Richard Long
60 Minute Walk 1990

Artwork details

Artist
Richard Long born 1945
Title
60 Minute Walk
Date 1990
Medium Lithograph and screenprint on paper
Dimensions Support: 1895 x 921 mm
Collection
ARTIST ROOMS
Tate and National Galleries of Scotland. Lent by Anthony d'Offay 2010
On long term loan
Reference
AL00207
Not on display
ARTIST ROOMS

Summary

60 Minute Walk is a large-scale lithograph and screenprint created in an edition of sixty. It consists of sixty lines of text all in capitals printed in white in Gill Sans typeface over a swirling black background that forms a tall, thin rectangle. Each line of text includes one to three words. The surface of the print has a rich velvety-looking texture. Below the black rectangle the following words are printed in red, also in Gill Sans typeface:

BIG BEND STRAIGHT HOUR A STRAIGHT 60 MINUTE SOUTHWARD WALK ON A 10 DAY WALK IN BIG BEND TEXAS 1990

The edition was printed by Maurice Sanchez at the Derriere L’Etoile Studios in New York and published by Brooke Alexander Gallery, New York. The print is usually displayed alongside Black Dust Hand Line 1990 (Tate AL00208), also in the ARTIST ROOMS collection. Both prints include a thin black vertical rectangle containing a swirled pattern. To create this pattern – from which the print was subsequently made – Long worked ink, or something similar, with his fingertips. Long often uses his hands for mark making in this way and has referred to ‘the primal energy of handprints and fingerprints.’ (Quoted in Elliott 2007, p.52.)

The text records a walk that the artist took in Big Bend, Texas, with one line of text equating to each minute of the sixty-minute walk. The lines describe what Long saw (‘LIZARD’, ‘BIG SKY’, ‘ORANGE BUTTERFLY’), heard (‘BUZZING’, ‘RUSTLING’), felt (‘BREEZE’) and did (‘SQUINTING’, ‘PACING’) during the course of his hour-long walk. His words reflect the arid desert landscape through which he passed, but the text also contains references to local flora and fauna (‘CACTUS BLOOMS’, ‘JACK RABBIT’) as well as allusions to specific geological features (‘LAVA STONE’, ‘MESA’). The artist also mentions local landmarks such as the Chisos Mountains and Mule Ears Peaks, and the word ‘MEXICO’ refers to the nearby border.

Long has produced other works relating to the Big Bend area of Texas, including Silence Circle Big Bend Texas 1990 (Tate T06472), Walking Out of Stones, Big Bend, Texas 1990 (reproduced in Brettell and Friis-Hansen 1996, p.19) and Texas Circle 1996 (reproduced in Brettell and Friis-Hansen 1996, pp.33, 45). The curator Dana Friis-Hansen has described 60 Minute Walk as a ‘sensual response to a walk’ and ‘an amazing array of one-word verbal artefacts at a rate of one per minute.’ (Brettell and Friis-Hansen 1996, p.13.) Though Long often makes his walks based on physical distance, the artist structured this walk around a length of time using duration as a formal device. He allowed the sixty-minute length of the walk to dictate other aspects of the work too, creating a run of sixty prints and using sixty lines of text.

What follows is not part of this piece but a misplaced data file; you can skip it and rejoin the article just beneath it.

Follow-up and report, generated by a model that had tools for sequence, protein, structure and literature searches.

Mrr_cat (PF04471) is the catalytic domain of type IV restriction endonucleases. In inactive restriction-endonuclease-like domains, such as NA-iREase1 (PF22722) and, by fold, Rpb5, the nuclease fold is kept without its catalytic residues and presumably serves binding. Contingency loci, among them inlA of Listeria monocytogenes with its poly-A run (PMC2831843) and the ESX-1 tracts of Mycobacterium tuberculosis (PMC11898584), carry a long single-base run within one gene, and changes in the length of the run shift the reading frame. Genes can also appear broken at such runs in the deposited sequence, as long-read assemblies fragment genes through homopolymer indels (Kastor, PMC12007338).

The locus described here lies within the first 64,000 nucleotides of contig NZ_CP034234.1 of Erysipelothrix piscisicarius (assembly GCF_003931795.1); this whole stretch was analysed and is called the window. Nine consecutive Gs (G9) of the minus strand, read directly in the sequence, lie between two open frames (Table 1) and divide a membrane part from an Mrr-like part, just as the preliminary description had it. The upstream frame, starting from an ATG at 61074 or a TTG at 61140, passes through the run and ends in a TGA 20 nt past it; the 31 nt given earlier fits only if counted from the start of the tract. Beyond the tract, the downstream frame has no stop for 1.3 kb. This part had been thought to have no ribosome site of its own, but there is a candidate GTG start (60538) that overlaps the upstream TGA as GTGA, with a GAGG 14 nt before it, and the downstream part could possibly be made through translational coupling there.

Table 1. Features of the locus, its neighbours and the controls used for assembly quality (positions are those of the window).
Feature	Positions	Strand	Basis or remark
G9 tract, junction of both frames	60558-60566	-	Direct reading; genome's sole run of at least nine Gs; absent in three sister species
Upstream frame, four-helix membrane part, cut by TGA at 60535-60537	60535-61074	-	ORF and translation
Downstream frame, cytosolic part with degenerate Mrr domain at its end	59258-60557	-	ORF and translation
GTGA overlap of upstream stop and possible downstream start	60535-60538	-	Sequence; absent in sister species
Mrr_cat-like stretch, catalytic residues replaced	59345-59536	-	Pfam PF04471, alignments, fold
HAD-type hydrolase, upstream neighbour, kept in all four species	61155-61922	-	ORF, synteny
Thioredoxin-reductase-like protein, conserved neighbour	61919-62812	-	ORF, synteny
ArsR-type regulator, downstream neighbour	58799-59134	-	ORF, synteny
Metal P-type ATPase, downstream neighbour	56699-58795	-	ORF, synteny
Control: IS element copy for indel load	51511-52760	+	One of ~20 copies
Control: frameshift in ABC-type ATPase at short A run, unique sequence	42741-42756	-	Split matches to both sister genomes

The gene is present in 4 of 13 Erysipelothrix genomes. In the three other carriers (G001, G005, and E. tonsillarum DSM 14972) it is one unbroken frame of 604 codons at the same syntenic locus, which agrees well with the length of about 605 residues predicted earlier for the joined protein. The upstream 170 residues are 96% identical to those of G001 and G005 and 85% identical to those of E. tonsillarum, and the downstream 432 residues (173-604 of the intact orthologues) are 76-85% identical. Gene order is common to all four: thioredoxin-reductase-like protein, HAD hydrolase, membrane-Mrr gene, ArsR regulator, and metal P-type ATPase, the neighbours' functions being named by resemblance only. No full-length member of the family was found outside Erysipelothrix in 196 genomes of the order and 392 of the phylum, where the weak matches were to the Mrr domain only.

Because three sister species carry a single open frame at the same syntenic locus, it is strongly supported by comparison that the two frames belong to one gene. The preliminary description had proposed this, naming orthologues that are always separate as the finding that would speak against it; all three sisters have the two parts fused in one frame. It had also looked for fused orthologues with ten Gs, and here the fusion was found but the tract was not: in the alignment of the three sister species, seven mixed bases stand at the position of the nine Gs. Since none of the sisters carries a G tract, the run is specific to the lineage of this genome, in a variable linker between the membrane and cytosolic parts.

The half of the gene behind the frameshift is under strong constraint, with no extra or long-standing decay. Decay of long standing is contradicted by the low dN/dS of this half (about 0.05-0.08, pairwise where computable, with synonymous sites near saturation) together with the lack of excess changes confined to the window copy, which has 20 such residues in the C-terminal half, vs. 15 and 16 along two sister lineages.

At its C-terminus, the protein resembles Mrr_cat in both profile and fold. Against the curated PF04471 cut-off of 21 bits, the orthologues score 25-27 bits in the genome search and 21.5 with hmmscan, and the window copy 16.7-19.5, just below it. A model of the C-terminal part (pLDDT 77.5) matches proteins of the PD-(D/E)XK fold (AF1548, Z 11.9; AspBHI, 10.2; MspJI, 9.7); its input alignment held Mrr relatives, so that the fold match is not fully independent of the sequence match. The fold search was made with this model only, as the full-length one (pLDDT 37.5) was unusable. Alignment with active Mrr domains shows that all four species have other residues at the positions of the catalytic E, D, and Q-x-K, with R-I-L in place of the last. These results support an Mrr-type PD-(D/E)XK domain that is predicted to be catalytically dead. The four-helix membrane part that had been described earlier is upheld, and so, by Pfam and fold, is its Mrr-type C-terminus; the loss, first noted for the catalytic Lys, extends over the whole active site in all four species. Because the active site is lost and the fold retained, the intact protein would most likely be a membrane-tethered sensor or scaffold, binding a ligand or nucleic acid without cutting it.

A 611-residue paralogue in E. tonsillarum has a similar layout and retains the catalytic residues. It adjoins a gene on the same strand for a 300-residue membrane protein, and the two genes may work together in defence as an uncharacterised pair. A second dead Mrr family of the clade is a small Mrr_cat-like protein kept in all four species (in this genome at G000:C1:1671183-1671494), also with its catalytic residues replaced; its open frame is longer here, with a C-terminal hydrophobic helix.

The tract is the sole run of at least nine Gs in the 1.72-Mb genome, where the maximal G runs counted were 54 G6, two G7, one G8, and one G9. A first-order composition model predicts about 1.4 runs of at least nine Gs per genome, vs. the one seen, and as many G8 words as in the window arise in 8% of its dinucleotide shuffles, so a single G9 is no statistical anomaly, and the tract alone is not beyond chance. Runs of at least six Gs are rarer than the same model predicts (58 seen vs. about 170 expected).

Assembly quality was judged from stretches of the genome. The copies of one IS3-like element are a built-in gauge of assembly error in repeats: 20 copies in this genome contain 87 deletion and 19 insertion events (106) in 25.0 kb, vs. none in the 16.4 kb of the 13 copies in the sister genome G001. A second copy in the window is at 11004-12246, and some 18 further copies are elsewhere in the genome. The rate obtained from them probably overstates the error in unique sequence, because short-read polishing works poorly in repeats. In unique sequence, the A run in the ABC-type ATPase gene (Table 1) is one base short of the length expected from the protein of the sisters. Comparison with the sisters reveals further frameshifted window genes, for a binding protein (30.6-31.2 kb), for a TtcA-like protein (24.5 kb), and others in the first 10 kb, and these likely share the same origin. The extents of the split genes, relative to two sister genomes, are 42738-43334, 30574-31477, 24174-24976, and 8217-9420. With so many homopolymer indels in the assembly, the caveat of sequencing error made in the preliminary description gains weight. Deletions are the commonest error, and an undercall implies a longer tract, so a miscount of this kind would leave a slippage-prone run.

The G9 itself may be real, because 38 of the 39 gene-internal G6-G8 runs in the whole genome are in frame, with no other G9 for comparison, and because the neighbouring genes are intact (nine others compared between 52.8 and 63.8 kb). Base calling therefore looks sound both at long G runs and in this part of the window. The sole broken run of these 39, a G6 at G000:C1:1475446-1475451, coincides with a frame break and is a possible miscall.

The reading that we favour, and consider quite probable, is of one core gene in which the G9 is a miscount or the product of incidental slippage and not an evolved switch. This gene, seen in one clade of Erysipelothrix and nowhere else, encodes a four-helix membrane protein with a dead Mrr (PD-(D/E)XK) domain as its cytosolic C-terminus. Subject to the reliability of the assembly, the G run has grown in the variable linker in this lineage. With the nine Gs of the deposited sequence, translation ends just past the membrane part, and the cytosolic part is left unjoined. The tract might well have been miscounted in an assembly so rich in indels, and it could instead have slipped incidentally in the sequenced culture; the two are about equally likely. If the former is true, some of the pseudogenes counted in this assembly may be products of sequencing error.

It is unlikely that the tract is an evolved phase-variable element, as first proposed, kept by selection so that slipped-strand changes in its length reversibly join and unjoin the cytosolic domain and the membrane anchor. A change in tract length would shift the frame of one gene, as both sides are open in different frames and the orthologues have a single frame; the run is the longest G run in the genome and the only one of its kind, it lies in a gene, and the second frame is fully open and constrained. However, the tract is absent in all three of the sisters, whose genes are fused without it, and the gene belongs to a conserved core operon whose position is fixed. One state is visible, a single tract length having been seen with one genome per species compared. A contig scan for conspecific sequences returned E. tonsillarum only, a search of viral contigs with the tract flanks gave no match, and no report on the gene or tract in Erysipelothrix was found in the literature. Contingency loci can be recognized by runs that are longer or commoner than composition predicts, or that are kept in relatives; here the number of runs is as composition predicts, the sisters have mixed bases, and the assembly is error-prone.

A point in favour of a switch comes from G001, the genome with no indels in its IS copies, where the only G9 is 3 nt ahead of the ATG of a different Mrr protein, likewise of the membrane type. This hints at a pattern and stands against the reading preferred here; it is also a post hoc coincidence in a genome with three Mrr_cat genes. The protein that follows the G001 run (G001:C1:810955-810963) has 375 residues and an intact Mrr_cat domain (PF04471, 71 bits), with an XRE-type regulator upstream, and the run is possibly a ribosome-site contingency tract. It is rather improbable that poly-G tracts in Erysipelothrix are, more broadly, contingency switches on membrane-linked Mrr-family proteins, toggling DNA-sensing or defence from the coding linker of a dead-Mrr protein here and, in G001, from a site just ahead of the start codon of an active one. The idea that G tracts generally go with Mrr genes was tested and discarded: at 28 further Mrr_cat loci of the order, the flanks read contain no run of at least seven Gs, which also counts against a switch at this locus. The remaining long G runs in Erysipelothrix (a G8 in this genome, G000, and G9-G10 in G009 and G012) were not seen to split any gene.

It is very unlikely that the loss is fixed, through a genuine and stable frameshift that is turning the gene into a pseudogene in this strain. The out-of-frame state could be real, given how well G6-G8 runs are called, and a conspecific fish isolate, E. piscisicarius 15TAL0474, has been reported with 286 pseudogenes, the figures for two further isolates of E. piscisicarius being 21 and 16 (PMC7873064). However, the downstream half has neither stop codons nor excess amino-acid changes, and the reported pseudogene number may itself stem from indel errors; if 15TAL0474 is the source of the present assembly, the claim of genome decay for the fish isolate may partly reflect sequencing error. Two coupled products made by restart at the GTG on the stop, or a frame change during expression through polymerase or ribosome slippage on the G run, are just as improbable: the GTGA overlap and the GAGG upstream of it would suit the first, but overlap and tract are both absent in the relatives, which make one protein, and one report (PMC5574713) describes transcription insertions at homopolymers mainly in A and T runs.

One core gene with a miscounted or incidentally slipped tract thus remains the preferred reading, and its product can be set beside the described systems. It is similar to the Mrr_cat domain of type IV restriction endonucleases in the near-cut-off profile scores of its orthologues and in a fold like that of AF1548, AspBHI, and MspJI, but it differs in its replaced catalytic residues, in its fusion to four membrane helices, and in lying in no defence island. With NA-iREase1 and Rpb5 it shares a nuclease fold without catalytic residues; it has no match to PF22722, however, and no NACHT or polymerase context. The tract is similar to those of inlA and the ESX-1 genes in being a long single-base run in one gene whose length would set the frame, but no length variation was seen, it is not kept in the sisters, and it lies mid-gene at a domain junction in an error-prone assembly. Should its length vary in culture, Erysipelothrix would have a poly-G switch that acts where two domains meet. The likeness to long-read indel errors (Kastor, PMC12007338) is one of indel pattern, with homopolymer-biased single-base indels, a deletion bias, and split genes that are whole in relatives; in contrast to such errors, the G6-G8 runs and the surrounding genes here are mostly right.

The language of 60 Minute Walk is poetic but spare. Long has used language in this pared-back manner since his first text work, A Walking Tour in the Berner Oberland: When Attitudes Become Form 1969 (whereabouts unknown). Made for the seminal exhibition of conceptual art When Attitudes Become Form: Live in Your Head, held at the Kunsthalle Bern in 1969, this early work recorded a long walk in simple and impersonal language (see Clarrie Wallis (ed.), Richard Long: Heaven and Earth, exhibition catalogue, Tate Britain, London 2009, p.47). Such language is characteristic of conceptualism. But whereas other conceptual artists making text-based work (such as Lawrence Weiner) privilege the idea over its actual realisation, for Long it is essential that the idea presented in the text has been executed. Long has commented that text works ‘could sometimes render the idea of a walk … more precisely, more simply, and also more generally [than photographs]. I have conceived many particular walks because I can use the text-work as the best, purest, and most appropriate form to represent them.’ (Quoted in Brettell and Friis-Hansen 1996, p.17.)

Further reading
Richard R. Brettel and Dana Friis-Hansen (eds.), Richard Long: Circles, Cycles, Mud, Stones, exhibition catalogue, Contemporary Arts Museum, Houston 1996, p.13, reproduced p.44.
Patrick Elliott, Richard Long: Walking and Marking, exhibition catalogue, Scottish National Gallery of Modern Art, Edinburgh 2007.
Gerard Vermeulen (ed.), Richard Long: Prints 1970–2013, exhibition catalogue, Hamburger Kunsthalle, London 2013, p.100, reproduced p.101.

Ruth Burgon
The University of Edinburgh
January 2014

The University of Edinburgh is a research partner of ARTIST ROOMS.

About this artwork